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If I use "-O2" flag, the performance improves, but the compilation time gets longer.

How can I decide, whether to use it or not?

Maybe O2 makes the most difference in some certain types of code (e.g. math calculations?), and I should use it only for those parts of the project?

EDIT: I want to emphasize the fact that setting -O2 for all components of my project changes the total compilation time from 10 minutes to 30 minutes.

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This doesn't answer your question, but based on yoru edit, it sounds like you need to change how you're building your project. After your initial build, it should only be compiling modified sources to .o and then linking the .o files together. –  cyberconte May 22 '09 at 21:38
    
Precompiled header files can help build performance too. –  Zan Lynx Mar 30 '11 at 19:29

6 Answers 6

up vote 21 down vote accepted

I would recommend using -O2 most of the time, benefits include:

  • Usually reduces size of generated code (unlike -O3).
  • More warnings (some warnings require analysis that is only done during optimization)
  • Often measurably improved performance (which may not matter).

If release-level code will have optimization enabled, it's best to have optimization enabled throughout the development/test cycle.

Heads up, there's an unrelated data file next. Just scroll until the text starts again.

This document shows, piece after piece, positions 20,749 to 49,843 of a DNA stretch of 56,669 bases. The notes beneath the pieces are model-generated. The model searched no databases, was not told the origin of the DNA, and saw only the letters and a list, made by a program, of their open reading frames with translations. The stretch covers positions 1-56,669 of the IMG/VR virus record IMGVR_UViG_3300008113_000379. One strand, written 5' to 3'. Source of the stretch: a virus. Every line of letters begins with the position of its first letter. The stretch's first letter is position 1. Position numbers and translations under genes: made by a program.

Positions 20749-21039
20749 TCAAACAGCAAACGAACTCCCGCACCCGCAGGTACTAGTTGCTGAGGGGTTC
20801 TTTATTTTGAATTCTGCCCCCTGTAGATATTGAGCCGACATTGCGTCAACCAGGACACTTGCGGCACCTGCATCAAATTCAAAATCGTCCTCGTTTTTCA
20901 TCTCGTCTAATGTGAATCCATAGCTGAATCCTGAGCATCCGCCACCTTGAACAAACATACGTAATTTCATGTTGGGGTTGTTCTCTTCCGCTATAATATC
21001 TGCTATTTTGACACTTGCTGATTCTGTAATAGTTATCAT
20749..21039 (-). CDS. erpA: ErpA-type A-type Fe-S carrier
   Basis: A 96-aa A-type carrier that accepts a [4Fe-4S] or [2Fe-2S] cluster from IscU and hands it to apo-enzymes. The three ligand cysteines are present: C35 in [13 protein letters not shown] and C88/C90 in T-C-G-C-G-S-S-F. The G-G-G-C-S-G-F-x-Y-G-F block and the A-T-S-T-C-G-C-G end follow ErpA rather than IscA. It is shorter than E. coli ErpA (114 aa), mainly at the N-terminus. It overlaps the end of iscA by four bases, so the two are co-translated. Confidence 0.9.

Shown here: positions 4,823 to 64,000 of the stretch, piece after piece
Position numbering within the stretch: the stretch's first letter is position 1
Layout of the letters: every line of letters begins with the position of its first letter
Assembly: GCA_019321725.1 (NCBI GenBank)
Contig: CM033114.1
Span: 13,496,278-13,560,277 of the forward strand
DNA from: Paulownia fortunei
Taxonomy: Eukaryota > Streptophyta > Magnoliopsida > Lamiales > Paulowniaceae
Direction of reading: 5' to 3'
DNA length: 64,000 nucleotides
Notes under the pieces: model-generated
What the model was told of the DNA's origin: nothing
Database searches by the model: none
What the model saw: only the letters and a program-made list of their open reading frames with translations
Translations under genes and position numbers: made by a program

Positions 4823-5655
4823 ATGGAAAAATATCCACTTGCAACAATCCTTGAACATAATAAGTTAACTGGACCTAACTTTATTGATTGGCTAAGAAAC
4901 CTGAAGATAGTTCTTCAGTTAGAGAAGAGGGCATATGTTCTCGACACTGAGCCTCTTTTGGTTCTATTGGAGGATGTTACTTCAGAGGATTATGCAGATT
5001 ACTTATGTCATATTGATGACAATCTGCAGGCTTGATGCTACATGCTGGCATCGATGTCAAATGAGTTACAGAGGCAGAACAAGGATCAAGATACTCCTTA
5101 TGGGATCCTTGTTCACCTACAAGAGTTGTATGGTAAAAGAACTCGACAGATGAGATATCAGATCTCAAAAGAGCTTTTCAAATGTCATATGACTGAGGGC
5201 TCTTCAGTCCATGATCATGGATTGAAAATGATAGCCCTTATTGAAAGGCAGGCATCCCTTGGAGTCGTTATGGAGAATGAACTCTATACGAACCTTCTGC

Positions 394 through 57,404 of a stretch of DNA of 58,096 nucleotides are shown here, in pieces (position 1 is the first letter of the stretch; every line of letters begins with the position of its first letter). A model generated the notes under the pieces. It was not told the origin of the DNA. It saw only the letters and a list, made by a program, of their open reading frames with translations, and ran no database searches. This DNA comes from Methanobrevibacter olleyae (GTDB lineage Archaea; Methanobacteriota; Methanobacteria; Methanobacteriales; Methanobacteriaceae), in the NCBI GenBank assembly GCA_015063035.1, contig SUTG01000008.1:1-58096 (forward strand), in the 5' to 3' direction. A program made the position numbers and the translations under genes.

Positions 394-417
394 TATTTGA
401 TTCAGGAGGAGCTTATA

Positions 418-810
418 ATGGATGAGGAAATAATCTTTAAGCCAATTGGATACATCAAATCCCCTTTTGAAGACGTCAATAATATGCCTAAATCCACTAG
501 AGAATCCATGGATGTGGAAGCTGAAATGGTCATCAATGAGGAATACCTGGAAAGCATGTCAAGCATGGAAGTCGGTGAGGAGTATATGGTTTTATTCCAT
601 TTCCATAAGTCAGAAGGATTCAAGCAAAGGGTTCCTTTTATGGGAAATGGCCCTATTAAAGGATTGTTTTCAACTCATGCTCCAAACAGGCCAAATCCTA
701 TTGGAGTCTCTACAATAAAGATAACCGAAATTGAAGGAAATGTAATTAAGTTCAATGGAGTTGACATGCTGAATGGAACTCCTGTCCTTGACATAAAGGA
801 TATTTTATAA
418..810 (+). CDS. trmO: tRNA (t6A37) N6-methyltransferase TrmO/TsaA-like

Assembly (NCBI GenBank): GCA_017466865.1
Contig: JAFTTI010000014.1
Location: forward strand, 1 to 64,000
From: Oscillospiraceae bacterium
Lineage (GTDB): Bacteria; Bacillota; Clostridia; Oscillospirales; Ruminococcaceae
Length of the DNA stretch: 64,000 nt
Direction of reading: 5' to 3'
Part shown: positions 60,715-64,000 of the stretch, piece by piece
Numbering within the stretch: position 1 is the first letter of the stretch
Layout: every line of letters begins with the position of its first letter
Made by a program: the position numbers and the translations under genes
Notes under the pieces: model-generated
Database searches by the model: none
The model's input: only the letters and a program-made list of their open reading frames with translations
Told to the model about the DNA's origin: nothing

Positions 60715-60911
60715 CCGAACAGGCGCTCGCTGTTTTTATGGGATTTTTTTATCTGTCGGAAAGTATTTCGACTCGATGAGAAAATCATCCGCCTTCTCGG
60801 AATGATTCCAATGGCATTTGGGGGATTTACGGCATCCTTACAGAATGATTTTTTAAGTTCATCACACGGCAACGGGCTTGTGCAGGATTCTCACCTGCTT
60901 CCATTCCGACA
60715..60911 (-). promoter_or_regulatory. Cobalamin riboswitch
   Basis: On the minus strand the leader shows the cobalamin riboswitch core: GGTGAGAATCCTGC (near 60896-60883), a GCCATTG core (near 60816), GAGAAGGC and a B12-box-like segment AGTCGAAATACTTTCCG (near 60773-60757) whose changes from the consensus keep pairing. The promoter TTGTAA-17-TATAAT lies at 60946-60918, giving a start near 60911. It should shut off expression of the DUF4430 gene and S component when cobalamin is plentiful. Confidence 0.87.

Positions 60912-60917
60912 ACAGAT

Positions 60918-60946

Source-level debugging is more difficult with optimizations enabled, occasionally it is helpful to disable optimization when debugging a problem.

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If you need to reduce code size, why not use -Os instead of -O2? –  Christoffer May 20 '09 at 12:14
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Using -Os makes sense if code size is the most important thing to optimize for - usually it's not (except in small embedded systems...) –  Lance Richardson May 20 '09 at 12:16
    
I have more than once seen compilers when told to optimize for size make larger binaries than when told to optimize for speed. I always just use -O2, sometimes -O3 but take the risks that go with it. –  dwelch May 28 '09 at 6:08

I'm in bioinformatics so my advice may be biased. That said, I always use the -O3 switch (for release and test builds, that is; not usually for debugging). True, it has certain disadvantages, namely increasing compile-time and often the size of the executable.

However, the first factor can be partially mitigated by a good build strategy and other tricks reducing the overall build time. Also, since most of the compilation is really I/O bound, the increase of compile time is often not that pronounced.

The second disadvantage, the executable's size, often simply doesn't matter at all.

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Exactly - structuring your build properly and paying attention to dependencies in your makefiles usually makes compilation time a non-issue. Same usually helps with executable size, though I've seen people do very stupid stuff resulting in huge programs. –  Nikolai N Fetissov May 20 '09 at 14:24